May 29, 2012

Picture of the Day: Water Cascading from a Moose’s Antlers

 

WATER CASCADING FROM A MOOSE’S ANTLERS

 

water cascading from a bull mooses antlers Picture of the Day: Water Cascading from a Mooses Antlers

 

Unfortunately I wasn’t able to find much about this beautiful photograph. It was submitted to Reddit by iDrinkYourShake, but a reverse image search on Google and Tineye did not produce any results.

What we do know is that it’s a bull (male) moose which means it’s probably massive (it’s the largest species in the deer family), and that you can distinguish a male moose by the antlers which have a leaf shape (thus the cascading water) as opposed to the twig-like antlers of other species in the deer family.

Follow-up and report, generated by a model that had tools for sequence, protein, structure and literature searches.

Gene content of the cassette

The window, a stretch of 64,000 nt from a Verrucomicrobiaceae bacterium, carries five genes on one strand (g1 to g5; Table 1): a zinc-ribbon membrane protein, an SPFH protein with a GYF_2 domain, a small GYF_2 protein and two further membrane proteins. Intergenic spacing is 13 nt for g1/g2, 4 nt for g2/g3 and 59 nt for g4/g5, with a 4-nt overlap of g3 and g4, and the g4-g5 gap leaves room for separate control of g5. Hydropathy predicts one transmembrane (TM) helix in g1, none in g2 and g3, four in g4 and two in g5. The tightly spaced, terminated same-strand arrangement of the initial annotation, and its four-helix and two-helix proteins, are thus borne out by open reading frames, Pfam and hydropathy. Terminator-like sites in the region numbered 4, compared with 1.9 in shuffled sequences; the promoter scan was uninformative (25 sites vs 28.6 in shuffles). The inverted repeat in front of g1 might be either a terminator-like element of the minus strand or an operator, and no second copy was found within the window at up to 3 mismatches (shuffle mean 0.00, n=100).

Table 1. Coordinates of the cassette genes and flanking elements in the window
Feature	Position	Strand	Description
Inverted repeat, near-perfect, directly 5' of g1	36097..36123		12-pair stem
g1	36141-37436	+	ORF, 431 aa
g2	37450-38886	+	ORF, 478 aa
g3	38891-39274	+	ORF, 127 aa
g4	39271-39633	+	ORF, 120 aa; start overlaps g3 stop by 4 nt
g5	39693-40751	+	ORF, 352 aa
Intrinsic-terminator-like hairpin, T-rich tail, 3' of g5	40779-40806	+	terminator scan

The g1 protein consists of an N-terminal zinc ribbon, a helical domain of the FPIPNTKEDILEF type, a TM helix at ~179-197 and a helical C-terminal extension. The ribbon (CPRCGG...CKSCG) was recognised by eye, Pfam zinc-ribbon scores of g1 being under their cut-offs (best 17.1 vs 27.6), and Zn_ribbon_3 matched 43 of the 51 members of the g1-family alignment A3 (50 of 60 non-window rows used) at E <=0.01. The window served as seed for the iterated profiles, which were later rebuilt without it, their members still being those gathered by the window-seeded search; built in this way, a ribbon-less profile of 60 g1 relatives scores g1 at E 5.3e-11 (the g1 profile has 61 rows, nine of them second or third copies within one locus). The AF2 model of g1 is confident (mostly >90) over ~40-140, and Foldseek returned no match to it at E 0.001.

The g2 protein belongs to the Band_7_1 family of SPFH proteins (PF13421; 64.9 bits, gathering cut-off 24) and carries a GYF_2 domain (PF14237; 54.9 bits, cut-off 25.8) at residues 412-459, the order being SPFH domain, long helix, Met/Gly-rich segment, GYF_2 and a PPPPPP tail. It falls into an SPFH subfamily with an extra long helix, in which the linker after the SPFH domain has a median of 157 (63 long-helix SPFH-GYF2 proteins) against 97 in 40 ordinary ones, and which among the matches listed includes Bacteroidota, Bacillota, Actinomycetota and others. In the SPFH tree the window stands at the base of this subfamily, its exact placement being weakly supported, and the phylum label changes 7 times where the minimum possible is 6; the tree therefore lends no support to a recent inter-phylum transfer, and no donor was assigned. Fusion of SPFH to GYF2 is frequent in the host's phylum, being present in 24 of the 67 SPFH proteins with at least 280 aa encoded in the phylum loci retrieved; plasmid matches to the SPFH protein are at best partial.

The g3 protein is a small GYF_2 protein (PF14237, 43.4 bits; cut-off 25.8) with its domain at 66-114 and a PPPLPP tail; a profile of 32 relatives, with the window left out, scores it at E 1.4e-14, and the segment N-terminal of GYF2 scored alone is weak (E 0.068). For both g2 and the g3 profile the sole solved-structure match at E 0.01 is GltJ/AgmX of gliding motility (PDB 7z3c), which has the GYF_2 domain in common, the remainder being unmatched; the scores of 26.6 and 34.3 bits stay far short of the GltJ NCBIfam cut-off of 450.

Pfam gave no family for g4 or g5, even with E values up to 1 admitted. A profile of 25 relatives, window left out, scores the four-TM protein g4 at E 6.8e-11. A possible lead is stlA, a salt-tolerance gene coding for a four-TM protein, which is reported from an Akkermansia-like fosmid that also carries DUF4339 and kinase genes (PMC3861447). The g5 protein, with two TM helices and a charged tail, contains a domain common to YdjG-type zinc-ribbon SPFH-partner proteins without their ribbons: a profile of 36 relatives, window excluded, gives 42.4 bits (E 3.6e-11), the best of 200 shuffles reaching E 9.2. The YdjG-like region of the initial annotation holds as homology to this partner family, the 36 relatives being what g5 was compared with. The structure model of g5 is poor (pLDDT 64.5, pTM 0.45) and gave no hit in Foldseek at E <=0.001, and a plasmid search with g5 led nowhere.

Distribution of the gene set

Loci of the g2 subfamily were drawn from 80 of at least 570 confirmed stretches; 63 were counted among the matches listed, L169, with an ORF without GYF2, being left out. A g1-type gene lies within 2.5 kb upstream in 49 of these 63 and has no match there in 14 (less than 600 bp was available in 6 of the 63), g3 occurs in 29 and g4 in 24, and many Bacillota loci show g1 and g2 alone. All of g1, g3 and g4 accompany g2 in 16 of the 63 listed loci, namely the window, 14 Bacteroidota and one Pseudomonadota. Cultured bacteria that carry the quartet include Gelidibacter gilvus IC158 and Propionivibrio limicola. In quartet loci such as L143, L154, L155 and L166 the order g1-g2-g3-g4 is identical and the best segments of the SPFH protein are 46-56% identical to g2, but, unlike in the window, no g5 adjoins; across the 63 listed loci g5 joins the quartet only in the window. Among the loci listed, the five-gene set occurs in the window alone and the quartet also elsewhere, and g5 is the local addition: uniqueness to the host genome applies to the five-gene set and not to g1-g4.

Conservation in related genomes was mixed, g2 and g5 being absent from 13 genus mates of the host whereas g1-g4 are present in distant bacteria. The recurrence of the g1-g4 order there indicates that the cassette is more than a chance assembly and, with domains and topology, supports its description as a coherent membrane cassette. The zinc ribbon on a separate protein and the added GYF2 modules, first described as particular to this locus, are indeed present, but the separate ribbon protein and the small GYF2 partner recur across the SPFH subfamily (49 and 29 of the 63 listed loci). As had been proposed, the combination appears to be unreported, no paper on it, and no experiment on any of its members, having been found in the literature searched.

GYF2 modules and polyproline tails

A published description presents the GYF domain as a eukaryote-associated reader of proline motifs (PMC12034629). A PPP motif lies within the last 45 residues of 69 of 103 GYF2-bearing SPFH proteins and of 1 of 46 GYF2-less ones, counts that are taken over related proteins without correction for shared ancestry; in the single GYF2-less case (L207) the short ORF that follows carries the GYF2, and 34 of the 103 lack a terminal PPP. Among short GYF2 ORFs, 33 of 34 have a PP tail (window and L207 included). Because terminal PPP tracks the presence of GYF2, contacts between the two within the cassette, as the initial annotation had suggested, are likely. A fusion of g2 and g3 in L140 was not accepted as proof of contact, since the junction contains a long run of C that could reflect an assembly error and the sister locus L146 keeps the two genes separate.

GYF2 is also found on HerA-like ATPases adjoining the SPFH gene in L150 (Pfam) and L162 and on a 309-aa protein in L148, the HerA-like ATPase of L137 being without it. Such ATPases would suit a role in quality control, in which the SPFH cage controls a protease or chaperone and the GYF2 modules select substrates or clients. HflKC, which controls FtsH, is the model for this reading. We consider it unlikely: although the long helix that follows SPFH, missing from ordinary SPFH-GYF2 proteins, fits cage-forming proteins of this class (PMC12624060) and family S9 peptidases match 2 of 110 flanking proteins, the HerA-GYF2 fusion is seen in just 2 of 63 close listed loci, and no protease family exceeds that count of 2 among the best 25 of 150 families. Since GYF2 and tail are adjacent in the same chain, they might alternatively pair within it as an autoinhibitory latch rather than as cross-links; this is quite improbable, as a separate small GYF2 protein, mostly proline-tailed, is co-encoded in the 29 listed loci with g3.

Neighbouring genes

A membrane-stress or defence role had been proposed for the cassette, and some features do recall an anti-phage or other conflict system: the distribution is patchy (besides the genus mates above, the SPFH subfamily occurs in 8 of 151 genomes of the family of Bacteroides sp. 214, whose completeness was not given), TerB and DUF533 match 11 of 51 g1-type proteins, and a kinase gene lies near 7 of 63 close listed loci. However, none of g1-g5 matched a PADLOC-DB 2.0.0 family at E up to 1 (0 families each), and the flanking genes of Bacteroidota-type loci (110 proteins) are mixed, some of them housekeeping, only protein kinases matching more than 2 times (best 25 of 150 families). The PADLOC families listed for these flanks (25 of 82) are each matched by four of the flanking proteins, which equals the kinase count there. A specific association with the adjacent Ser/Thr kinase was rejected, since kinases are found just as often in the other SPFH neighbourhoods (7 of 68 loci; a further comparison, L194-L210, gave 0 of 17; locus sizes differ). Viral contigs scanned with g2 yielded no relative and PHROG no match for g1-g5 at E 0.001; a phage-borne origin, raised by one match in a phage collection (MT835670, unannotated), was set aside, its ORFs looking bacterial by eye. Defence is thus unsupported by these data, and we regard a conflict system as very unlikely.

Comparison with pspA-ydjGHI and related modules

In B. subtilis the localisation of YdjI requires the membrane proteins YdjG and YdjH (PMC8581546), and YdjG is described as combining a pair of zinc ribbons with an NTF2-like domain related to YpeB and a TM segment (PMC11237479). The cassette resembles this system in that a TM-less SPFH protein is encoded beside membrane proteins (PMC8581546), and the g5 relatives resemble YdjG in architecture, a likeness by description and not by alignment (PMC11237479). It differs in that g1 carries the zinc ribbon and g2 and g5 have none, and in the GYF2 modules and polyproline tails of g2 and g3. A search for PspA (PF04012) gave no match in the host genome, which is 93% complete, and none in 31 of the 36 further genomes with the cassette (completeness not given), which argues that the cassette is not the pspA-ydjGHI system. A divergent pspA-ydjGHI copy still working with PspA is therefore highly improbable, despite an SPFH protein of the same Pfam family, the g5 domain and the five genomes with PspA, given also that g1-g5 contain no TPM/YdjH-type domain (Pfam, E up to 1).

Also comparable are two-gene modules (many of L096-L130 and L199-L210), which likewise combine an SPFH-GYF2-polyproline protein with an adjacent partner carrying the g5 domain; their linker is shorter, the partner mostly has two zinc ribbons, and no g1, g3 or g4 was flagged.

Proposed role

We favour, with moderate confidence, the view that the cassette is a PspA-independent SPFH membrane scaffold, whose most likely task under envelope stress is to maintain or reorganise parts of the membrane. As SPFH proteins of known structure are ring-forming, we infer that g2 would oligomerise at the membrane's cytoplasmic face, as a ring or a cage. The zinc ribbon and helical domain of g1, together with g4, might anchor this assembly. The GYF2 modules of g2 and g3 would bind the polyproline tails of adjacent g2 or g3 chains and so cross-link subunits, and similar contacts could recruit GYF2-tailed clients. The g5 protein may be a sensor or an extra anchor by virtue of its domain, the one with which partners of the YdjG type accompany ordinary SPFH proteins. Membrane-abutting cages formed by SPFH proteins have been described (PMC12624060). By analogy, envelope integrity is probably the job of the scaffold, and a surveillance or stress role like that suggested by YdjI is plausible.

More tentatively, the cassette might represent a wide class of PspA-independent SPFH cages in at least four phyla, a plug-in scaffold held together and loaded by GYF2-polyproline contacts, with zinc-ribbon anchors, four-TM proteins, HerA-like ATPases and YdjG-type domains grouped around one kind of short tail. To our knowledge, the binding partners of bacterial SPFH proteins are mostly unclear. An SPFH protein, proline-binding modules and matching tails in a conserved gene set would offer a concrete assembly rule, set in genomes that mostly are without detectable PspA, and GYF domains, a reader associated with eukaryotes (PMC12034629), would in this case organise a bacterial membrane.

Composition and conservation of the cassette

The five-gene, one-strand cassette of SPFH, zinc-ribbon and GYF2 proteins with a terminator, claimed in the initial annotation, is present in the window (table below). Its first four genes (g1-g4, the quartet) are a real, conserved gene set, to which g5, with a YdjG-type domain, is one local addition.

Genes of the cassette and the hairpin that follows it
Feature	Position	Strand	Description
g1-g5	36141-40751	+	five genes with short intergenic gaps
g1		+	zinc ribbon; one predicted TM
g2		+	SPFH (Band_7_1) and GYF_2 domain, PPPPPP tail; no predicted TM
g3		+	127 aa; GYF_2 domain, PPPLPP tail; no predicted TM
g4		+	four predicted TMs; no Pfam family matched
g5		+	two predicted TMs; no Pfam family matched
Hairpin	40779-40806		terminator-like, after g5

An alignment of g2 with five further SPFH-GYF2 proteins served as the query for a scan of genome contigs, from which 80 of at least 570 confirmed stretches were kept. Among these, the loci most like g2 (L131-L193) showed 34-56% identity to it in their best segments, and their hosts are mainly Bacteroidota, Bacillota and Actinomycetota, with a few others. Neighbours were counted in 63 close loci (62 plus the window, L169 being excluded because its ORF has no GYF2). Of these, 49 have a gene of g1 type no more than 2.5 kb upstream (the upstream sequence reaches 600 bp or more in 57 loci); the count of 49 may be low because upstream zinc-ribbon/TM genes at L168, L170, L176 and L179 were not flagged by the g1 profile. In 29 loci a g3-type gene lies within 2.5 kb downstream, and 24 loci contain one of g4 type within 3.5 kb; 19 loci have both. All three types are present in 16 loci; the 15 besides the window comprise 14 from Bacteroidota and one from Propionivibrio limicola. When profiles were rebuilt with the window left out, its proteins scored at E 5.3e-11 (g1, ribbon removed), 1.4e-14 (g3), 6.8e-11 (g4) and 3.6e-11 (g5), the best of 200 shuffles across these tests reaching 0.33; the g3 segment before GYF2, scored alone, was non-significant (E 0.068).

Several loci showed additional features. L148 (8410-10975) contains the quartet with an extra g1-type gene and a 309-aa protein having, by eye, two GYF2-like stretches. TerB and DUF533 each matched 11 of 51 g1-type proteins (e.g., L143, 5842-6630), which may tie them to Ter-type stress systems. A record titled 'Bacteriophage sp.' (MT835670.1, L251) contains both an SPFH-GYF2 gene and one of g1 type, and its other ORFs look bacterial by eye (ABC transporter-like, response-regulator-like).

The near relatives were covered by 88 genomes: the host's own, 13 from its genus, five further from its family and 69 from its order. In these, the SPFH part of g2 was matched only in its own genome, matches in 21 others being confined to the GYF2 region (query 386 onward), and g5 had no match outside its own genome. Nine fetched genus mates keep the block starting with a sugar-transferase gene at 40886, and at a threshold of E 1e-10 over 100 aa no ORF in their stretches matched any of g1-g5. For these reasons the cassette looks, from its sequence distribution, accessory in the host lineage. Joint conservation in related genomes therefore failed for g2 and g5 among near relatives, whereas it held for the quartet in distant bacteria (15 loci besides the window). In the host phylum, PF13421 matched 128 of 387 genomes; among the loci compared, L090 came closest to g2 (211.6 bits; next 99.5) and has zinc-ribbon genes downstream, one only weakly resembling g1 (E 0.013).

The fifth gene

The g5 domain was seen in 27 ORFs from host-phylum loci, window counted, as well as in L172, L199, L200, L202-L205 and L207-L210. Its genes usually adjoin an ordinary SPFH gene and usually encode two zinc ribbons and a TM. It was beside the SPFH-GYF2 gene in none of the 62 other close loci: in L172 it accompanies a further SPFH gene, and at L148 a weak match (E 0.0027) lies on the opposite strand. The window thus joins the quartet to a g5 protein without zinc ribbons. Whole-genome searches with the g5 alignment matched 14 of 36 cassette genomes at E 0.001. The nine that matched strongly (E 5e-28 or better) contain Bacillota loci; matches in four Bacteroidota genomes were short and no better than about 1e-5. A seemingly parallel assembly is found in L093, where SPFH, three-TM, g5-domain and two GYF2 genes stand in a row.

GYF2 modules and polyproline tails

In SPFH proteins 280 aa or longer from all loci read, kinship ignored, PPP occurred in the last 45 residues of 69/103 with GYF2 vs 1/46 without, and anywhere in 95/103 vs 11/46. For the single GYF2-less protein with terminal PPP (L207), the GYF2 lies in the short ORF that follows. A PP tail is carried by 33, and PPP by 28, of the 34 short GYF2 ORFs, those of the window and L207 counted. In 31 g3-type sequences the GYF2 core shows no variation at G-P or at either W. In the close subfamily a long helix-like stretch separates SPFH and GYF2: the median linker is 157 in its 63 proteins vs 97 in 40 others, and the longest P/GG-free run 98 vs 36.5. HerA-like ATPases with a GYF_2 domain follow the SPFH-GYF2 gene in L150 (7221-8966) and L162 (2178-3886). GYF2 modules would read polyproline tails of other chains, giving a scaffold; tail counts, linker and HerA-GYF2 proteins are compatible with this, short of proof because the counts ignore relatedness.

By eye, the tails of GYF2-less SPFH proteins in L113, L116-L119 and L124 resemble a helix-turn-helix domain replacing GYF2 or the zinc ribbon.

On average, an adult moose stands 1.4–2.1 m (4.6–6.9 ft) high at the shoulder. Males (or “bulls”) weigh 380–700 kg (840–1,500 lb) and females (or “cows”) typically weigh 200–360 kg (440–790 lb). The head-and-body length is 2.4–3.2 m (7.9–10 ft), with the vestigal tail adding only a further 5–12 cm (2.0–4.7 in). The largest of all the races is the Alaskan subspecies (A. a. gigas), which can stand over 2.1 m (7 ft) at the shoulder, has a span across the antlers of 1.8 m (6 ft) and averages 634.5 kg (1,396 lbs) in males and 478 kg (1,052 lbs) in females. Behind only the bison, the Moose is the second largest land animal in both North America and Europe. [Source: Wikipedia]

 

 

 

 

 

 

 

 

 

 

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